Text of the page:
The Five Star Quality Rating System for Medicare Advantage Plans is run by the Centers for Medicare & Medicaid Services and was put in place as part of an effort to help educate consumers on quality and make quality data more transparent. The stars consist of 33 measures hailing from five rating systems.
• HEIDIS: Healthcare Effectiveness Data and Information Set, which has been an evaluation used for all health insurance plans for years. This measures encounter data.
• CAHPS: Consumer Assessment of Health-care Provider Systems.
•Medicare Reviews. (Centers for Medicare & Medicaid Services).
• HOS: Healthcare Outcomes Survey.
• IRE: Independent Review Entity.
These systems rate Medicare Advantage plans according to five domains: staying healthy via preventive services such as screenings and vaccines; managing chronic conditions; ratings of plan responsiveness and care; complaints, appeals and voluntary disenrollment; and telephone customer service.
Each of the 33 measures contributes equally to the Star Summary Score.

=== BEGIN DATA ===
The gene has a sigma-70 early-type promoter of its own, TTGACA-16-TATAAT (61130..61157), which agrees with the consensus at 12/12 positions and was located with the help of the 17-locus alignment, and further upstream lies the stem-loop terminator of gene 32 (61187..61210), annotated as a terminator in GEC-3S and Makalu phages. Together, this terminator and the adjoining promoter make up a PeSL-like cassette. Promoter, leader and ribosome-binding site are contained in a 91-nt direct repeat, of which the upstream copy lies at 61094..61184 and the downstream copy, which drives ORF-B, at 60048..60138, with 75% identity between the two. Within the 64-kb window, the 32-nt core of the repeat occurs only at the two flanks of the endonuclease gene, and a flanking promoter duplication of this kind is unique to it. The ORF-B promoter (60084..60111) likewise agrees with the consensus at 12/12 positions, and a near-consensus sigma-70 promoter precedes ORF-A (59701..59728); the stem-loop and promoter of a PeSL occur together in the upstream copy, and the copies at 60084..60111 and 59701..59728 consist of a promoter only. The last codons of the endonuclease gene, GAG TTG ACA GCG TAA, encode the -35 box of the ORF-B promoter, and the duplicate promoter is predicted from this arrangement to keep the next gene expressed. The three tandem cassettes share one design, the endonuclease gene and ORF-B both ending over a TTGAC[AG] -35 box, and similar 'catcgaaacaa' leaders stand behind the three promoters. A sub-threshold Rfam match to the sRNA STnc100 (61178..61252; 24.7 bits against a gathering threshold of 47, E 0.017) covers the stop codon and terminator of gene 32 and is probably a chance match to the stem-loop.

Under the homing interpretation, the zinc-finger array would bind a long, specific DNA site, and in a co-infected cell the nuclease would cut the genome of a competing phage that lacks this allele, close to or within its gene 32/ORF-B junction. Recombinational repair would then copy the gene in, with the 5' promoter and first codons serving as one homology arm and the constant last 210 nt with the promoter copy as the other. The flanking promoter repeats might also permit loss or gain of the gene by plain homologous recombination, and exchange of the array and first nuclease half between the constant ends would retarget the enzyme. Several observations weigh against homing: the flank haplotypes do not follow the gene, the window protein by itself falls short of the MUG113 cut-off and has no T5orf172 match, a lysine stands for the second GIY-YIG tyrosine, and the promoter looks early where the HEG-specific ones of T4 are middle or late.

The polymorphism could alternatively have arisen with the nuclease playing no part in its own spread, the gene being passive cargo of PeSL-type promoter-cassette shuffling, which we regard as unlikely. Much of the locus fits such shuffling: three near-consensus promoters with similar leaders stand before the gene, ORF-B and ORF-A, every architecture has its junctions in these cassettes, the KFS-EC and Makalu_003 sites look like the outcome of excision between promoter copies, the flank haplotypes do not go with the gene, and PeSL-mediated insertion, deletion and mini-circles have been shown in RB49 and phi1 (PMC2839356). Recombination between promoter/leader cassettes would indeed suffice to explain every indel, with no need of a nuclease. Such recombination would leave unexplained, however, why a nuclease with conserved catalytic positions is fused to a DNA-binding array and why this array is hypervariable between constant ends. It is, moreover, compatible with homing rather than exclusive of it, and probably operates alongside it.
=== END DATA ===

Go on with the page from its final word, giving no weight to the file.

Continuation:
Data to support these star ratings comes from surveys, empirical observation, administrative (claims) data and medical records.
Based on criteria provided in technical specs outlined by CMS, rates and scores are calculated and stars are awarded on a contract level.
CMS Stars ratings are published annually and are available for viewing by all Medicare members prior to open enrollment.
They are required to be listed with each new enrollment kit for 2011 and 2012. One of the new changes in health care reform is that payment to each of the Medicare Advantage plans is based on the star rating.
According to the Congressional Budget Office, payment reforms for Medicare Advantage plans based on Stars scores are projected to save billions in federal health care spending.